Securing Europe’s medicine supply: envisioning a Critical Medicines Act

EESC opinion: Securing Europe’s medicine supply: envisioning a Critical Medicines Act

The Covid 19-pandemic has drawn attention to the role of the pharmaceutical industry and to production, availability and affordability of medicines and medicinal products on the European market.

Dependency on critical ingredients, such as active pharmaceutical ingredients (APIs), became obvious when China and India limited exports. According to current data, up to 80% of APIs used in Europe and about 40% of finished medicines sold in Europe come from China or India. The European Union's increasing dependence on API supplies has led to a partial loss of capability to manufacture active substances independently, which poses a potential threat to public health in the countries of the European Union.

The Pharmaceutical Strategy for Europe (published in November 2020) defined, among others, the goal to encourage the production of generic and biosimilar medicines while not discouraging research, development and innovation (R&D&I) of new pharmaceutical solutions in Europe. But current regulations are not conducive to supporting pharmaceutical production in Europe. European manufacturers are being pushed out of domestic and foreign markets due to higher labour costs and the need to meet stringent environmental standards, leading to a loss of price competitiveness and sales volumes. The cost of implementing the production of a single active substance, depending on the required synthesis technology, is estimated at EUR 50-180 million and the time needed for implementation is 3 to 6 years. Against this background, specific investments are required to restore API production in Europe on the scale required to ensure EU drug safety.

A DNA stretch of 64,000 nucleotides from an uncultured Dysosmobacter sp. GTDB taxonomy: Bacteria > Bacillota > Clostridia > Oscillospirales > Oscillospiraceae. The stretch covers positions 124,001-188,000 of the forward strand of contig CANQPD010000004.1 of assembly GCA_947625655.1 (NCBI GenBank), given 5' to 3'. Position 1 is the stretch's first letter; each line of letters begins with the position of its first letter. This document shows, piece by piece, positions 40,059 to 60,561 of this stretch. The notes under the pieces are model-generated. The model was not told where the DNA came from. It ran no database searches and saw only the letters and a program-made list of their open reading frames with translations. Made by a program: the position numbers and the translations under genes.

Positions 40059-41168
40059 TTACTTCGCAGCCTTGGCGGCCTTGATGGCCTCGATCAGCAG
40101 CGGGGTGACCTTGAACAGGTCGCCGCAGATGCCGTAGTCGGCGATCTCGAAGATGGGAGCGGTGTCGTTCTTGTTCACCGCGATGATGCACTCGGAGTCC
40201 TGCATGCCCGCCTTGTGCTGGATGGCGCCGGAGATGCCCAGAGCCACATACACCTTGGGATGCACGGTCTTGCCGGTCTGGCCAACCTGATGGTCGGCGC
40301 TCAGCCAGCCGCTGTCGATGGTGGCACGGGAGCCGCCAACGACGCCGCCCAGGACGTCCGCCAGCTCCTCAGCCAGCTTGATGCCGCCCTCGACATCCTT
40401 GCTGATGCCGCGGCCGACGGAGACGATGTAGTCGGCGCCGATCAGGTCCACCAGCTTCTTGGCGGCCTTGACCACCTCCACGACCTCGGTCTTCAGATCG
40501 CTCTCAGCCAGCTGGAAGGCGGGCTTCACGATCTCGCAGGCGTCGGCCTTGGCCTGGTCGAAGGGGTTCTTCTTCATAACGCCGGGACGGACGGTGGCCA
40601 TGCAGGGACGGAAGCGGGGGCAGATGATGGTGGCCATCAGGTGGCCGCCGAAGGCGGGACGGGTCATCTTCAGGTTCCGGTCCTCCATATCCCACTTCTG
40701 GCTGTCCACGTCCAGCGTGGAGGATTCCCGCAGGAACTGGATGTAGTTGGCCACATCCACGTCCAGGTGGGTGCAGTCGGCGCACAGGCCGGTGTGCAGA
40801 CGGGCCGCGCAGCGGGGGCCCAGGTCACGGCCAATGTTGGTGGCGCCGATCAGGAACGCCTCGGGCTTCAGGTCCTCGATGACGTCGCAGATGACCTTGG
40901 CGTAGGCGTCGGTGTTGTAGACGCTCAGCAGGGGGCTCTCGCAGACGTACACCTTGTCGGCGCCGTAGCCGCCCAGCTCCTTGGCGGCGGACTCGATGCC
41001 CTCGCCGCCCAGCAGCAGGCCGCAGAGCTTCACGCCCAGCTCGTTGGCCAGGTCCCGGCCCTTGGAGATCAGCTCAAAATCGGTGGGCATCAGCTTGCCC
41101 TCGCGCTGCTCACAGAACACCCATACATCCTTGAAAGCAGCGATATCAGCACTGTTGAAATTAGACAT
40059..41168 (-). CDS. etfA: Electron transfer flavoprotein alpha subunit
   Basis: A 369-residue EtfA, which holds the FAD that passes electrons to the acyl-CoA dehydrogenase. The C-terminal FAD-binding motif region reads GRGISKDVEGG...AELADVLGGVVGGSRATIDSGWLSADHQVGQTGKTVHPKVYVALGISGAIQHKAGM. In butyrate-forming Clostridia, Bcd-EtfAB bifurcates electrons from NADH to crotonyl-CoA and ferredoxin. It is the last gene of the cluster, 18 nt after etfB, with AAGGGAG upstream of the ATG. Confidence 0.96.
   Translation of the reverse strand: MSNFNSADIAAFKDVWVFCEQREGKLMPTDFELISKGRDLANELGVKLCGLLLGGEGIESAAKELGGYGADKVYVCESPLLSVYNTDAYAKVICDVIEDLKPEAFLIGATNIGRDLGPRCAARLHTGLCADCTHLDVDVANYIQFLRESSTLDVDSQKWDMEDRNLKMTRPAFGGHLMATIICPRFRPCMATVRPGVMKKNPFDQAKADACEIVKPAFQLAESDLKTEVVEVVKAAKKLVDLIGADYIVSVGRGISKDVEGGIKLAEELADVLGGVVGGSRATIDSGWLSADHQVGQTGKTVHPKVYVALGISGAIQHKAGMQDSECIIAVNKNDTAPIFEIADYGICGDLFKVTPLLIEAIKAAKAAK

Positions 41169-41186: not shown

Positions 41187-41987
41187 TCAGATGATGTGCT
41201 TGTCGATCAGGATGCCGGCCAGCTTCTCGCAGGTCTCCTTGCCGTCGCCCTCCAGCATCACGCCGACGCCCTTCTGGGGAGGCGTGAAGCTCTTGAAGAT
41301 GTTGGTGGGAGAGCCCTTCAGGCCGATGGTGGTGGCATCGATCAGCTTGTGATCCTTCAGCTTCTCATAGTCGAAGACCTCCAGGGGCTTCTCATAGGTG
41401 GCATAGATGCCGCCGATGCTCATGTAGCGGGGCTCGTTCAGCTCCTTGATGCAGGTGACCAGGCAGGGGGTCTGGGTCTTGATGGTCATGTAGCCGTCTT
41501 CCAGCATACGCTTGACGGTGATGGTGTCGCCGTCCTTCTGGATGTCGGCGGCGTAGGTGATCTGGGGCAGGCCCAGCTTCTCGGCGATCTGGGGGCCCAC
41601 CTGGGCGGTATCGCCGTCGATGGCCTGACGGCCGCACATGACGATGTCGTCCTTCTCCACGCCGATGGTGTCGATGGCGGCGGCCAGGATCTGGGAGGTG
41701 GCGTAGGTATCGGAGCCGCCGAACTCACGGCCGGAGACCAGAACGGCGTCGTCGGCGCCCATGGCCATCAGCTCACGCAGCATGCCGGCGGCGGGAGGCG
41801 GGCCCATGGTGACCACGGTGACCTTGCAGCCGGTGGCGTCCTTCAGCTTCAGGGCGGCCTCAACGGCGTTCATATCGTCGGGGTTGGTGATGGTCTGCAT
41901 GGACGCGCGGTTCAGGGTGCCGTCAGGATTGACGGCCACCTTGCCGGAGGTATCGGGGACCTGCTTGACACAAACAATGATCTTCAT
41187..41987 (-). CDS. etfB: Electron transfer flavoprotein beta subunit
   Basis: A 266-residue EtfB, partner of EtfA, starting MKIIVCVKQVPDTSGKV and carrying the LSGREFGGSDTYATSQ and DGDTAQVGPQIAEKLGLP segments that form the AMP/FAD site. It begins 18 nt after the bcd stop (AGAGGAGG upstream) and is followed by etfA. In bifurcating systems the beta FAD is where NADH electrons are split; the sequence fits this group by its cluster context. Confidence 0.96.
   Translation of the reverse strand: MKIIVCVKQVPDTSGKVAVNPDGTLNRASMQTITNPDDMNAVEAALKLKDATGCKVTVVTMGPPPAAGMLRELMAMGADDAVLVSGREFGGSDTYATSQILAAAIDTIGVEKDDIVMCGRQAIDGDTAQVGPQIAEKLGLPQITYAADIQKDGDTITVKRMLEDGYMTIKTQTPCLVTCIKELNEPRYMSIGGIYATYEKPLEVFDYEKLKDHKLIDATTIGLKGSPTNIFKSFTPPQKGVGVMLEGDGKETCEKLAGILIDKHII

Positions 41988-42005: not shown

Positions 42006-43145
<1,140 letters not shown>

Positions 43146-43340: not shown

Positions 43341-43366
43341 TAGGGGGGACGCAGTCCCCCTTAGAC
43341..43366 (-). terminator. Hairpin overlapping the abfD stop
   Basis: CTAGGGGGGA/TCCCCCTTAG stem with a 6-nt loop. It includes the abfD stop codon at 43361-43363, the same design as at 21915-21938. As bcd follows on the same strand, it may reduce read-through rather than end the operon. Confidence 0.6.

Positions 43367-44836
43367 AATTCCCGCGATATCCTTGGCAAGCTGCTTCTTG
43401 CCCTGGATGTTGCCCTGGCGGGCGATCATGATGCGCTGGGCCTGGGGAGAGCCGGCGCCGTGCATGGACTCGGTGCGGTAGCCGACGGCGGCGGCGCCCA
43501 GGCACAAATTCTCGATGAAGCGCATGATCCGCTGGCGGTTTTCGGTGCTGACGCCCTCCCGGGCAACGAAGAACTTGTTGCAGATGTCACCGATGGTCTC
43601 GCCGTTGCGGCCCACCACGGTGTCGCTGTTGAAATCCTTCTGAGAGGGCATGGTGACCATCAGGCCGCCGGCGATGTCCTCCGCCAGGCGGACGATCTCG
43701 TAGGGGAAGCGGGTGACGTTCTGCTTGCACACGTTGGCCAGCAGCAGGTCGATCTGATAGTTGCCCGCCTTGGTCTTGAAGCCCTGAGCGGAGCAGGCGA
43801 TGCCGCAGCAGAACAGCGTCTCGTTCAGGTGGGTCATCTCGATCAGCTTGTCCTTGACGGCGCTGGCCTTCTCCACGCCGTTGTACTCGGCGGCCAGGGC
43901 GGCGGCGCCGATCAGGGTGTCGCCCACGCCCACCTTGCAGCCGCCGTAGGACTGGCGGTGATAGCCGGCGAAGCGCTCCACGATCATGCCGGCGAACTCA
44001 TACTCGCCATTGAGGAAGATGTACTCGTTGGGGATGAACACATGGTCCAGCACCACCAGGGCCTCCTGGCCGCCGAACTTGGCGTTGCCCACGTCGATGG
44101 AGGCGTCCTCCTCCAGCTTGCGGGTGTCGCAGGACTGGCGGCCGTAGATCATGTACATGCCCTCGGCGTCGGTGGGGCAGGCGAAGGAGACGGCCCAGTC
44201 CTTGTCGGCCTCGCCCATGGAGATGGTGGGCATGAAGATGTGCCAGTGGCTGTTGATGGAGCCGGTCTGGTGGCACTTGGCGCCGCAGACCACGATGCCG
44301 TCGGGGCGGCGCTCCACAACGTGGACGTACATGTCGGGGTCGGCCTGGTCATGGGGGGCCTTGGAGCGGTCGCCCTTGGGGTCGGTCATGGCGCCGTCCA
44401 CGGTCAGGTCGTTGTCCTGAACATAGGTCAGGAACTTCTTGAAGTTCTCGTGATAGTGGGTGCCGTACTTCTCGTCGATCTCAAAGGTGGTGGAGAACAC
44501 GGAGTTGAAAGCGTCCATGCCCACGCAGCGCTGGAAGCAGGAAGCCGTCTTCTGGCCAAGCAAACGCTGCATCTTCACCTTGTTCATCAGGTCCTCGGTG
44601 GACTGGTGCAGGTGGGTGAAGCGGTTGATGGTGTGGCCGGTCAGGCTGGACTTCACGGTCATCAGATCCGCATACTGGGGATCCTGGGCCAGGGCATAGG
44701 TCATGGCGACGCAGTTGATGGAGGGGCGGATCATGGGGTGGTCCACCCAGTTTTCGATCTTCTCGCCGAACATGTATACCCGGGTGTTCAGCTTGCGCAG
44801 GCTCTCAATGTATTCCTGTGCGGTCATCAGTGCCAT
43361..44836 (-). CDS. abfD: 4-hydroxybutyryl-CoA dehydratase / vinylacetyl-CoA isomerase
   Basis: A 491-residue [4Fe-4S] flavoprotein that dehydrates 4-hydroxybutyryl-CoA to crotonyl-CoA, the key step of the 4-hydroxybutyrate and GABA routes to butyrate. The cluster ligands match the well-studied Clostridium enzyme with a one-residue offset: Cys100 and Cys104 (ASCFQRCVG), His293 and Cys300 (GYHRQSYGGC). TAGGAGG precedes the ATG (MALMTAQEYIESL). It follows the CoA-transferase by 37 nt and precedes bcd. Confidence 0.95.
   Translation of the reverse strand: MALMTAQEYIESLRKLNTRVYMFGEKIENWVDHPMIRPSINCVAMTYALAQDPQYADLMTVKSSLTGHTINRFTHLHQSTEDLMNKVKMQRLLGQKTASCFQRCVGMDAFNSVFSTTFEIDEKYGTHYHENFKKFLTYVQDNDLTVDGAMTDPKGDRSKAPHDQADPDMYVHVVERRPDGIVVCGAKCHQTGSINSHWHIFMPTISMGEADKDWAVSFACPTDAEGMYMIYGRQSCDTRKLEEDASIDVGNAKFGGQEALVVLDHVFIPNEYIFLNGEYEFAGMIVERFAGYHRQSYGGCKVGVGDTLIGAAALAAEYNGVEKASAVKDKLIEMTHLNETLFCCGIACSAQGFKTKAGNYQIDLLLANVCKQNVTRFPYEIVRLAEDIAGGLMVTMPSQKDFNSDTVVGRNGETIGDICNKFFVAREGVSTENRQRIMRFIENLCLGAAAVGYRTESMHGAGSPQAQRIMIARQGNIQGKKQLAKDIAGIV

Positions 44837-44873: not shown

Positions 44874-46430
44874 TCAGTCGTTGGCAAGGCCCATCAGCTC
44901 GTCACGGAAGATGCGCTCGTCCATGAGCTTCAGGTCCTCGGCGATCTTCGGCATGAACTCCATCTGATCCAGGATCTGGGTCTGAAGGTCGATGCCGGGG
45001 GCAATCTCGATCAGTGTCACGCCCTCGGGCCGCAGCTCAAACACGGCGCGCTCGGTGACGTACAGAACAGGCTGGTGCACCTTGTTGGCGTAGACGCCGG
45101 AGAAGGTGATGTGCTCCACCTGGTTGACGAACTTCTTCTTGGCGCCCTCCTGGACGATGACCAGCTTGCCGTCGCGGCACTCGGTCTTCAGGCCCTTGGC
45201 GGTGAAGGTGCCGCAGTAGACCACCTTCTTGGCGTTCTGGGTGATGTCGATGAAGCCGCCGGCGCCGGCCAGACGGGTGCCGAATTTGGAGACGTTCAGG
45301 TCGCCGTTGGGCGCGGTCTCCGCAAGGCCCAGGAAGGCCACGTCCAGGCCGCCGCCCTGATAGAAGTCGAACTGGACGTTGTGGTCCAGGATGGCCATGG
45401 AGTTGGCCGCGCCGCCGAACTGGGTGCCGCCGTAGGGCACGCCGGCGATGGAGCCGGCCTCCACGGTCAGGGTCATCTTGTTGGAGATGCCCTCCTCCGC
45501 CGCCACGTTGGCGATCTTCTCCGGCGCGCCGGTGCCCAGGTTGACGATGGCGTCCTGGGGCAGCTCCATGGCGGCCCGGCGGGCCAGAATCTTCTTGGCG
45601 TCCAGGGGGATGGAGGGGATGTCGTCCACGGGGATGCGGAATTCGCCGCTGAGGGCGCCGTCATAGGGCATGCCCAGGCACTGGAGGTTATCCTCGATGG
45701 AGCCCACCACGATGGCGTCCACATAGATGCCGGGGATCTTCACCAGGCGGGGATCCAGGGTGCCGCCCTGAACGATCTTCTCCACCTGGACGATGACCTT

At the same time, we observe substantial changes in the pharmaceutical industry, e.g. growth of biotechnology or the move to personalised medicines. Policy makers have identified the need to address unmet needs and antimicrobial resistance.

The pharmaceutical industry has over the past years seen ample restructuring, mergers and acquisitions; recently a number of bigger players have closed or announced the closure of European production sites.

The relocation of pharmaceutical manufacturing to the EU would stimulate economic development and generate new jobs. Locating and supporting production in the EU would not only increase competitiveness of EU-based producers against their non-EU counterparts, but would also significantly reduce pharmaceutical production costs. In the longer term, this would increase the EU's resilience to future crises involving shortages of medicinal products and help restore Europe's status as an industrial leader.